By Jim Schutze
By Rachel Watts
By Lauren Drewes Daniels
By Anna Merlan
By Lee Escobedo
Their children are gone now, some married and pursuing careers of their own, others off to college. Their husbands have busy schedules. Paul Baldon serves as a park ranger at Cedar Hill State Park. Sammy Brumit is in the real estate business. Though strongly supportive, both admit they don't quite understand the dark avocation their wives have chosen to pursue.
When not tending a painful cavity or fitting braces, Paula Brumit, 46, serves as a forensic odontologist, consulting with the Dallas County Medical Examiner's Office and Child Protective Services on bite-mark evidence and making dental record identifications. When she isn't working in oils or watercolors or teaching at UT-Arlington and Tarrant County College, Suzanne Baldon, 53, volunteers her expertise to the Tarrant County Medical Examiner's Office as a forensic artist, drawing sketches and reconstructing in clay faces lost to the elements or foraging animals.
In short, they help identify the dead, the John and Jane Does too often lost to violent homicides or mass disasters. They deal in skeletal remains and bodies so damaged or decomposed that only artwork or dental records can answer the questions of law enforcement and grieving families. During the past decade, their expertise and behind-the-scenes work have provided the momentum necessary to solve numerous cases.
It was Dr. Brumit who the FBI summoned to the Bexar County Medical Examiner's Office to help match dental records to the body of long-missing atheist Madelyn Murray O'Hair after it was located in a shallow grave on a South Texas ranch. Closer to home, discovery of a faint bite mark on the forearm of an East Texas man who insisted a child he was watching for his girlfriend had drowned in the bathtub triggered a confession and, ultimately, a life sentence. "That one was tough to deal with," the mother of two admits. "In order to make a comparison of the marks on the suspect's arm I had to go down to the morgue and take impressions of the dead child's teeth, then examine the man who, we later learned, had sodomized the boy after watching porno movies and put a plastic bag over his head to suffocate him. During the sexual attack the child had obviously fought back and bitten the man."
"What Dr. Brumit brings to her work," says fellow odontologist Dr. David Senn, head of San Antonio's University of Texas Health Science Center's Education and Research in Forensics program, "is a great blend of talent and intensity. She's a very committed lady."
Suzanne Baldon is one of the few who can understand the intensity and satisfaction that drives her neighbor (whom she knows by reputation but has yet to meet) to weekly put in three 12-hour workdays at her private practice so that she might have time for her forensic work. "What we do," Baldon says, "is simply use the knowledge we've acquired to provide a service to the community."
Both women have spent years in continuing education to fine-tune their skills. Brumit spent three years traveling to San Antonio to study odontology from Senn and Dallas County odontologist Dr. Robert Williams while Baldon has taken University of Oklahoma courses taught by famed medical illustrator-forensic artist Betty Pat Gatliff. Today, both are called on regularly to give seminars to law enforcement on their specialties.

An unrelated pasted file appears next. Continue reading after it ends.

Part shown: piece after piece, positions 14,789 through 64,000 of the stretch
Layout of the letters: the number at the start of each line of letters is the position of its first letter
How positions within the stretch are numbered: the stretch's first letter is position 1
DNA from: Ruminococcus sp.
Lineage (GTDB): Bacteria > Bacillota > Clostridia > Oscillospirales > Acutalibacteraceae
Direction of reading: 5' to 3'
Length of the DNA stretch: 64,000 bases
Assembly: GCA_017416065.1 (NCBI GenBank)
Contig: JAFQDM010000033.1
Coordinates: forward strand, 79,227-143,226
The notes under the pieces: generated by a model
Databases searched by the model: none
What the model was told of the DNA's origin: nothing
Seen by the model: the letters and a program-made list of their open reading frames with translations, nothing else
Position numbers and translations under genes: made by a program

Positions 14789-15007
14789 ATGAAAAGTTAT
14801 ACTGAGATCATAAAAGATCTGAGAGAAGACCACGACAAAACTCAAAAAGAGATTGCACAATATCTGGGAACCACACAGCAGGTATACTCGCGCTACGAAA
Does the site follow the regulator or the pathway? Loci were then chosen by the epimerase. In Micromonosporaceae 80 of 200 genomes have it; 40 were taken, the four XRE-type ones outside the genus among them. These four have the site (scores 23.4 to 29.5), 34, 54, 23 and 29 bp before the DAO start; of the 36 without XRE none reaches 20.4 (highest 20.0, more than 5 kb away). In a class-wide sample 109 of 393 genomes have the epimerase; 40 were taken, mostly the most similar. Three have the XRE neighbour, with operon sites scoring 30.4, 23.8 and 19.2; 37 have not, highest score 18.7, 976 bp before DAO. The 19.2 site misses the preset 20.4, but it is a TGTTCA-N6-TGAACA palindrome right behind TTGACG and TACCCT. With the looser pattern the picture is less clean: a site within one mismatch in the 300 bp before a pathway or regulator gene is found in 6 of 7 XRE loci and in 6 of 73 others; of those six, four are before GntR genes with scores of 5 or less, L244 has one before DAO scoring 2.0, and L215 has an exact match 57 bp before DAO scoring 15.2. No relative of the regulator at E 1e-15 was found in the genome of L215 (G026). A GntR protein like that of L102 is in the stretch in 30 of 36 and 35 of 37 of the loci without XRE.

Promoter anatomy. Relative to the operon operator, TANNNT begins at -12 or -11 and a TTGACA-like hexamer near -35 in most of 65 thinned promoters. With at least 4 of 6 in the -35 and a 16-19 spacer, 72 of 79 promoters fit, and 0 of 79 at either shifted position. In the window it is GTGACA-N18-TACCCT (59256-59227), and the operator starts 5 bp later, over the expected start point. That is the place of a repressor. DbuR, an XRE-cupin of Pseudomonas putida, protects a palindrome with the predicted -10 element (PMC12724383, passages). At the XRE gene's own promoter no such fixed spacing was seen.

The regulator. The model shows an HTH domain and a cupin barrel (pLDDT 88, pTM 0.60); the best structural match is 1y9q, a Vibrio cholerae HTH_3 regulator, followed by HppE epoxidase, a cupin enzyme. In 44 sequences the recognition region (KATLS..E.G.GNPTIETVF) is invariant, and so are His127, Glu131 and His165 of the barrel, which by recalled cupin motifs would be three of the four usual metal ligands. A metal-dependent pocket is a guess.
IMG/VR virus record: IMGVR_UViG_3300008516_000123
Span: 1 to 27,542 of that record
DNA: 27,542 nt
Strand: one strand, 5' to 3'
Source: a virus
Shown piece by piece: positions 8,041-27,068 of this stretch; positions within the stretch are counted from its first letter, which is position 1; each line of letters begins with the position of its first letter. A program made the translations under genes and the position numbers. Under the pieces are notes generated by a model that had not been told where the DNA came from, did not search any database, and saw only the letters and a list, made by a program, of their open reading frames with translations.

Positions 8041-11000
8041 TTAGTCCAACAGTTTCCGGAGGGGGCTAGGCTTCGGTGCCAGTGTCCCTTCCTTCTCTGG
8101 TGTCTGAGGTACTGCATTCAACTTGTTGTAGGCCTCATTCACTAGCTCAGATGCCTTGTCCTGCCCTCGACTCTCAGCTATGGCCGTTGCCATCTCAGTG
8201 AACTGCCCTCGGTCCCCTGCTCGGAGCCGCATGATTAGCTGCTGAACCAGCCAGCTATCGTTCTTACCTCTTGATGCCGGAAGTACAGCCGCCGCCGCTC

"Like any other field," Baldon says, "you have to keep up with the latest techniques if you expect to do your job well."
For the Tyler native, that means doing facial sketches of the unidentified dead in an effort to put a name to the deceased. The media, she explains, will not run a photograph of a dead person, thus she is often called on to draw a likeness that can be published. When there is nothing but skeletal remains, it is Baldon's task to follow a lengthy and technical list of scientific guidelines and build a face onto the skulls delivered to her studio by the medical examiner.
"I'm not a detective," she says, "so I've always taken a pragmatic approach to what I'm asked to do. It isn't necessary for me to know all the gruesome details that the investigators have come up with. I just need to know as much about the person I'm asked to do a likeness of as possible."
It is not all cops-and-Saturday-night homicides. Last April, Brumit traveled to New York to spend four 18-hour days helping identify victims of the World Trade Center attack. "That," she admits, "brought out some emotions I'd never thought I'd feel. I stayed angry the entire time I was there...and for some time after returning."
She and other volunteer odontologists from throughout the country were greeted by 20 refrigerated trucks filled with 20,000 body bags, some full-sized, others no larger than kitchen baggies. Using dental records, Brumit was able to make positive identifications of a New York fireman, a Port Authority police officer and a businessman who had worked on the 105th floor of one of the crumbled towers. One identification, she says, was made from a single tooth that had been recovered; another came after comparing pieces of jawbone brought to her in three separate bags.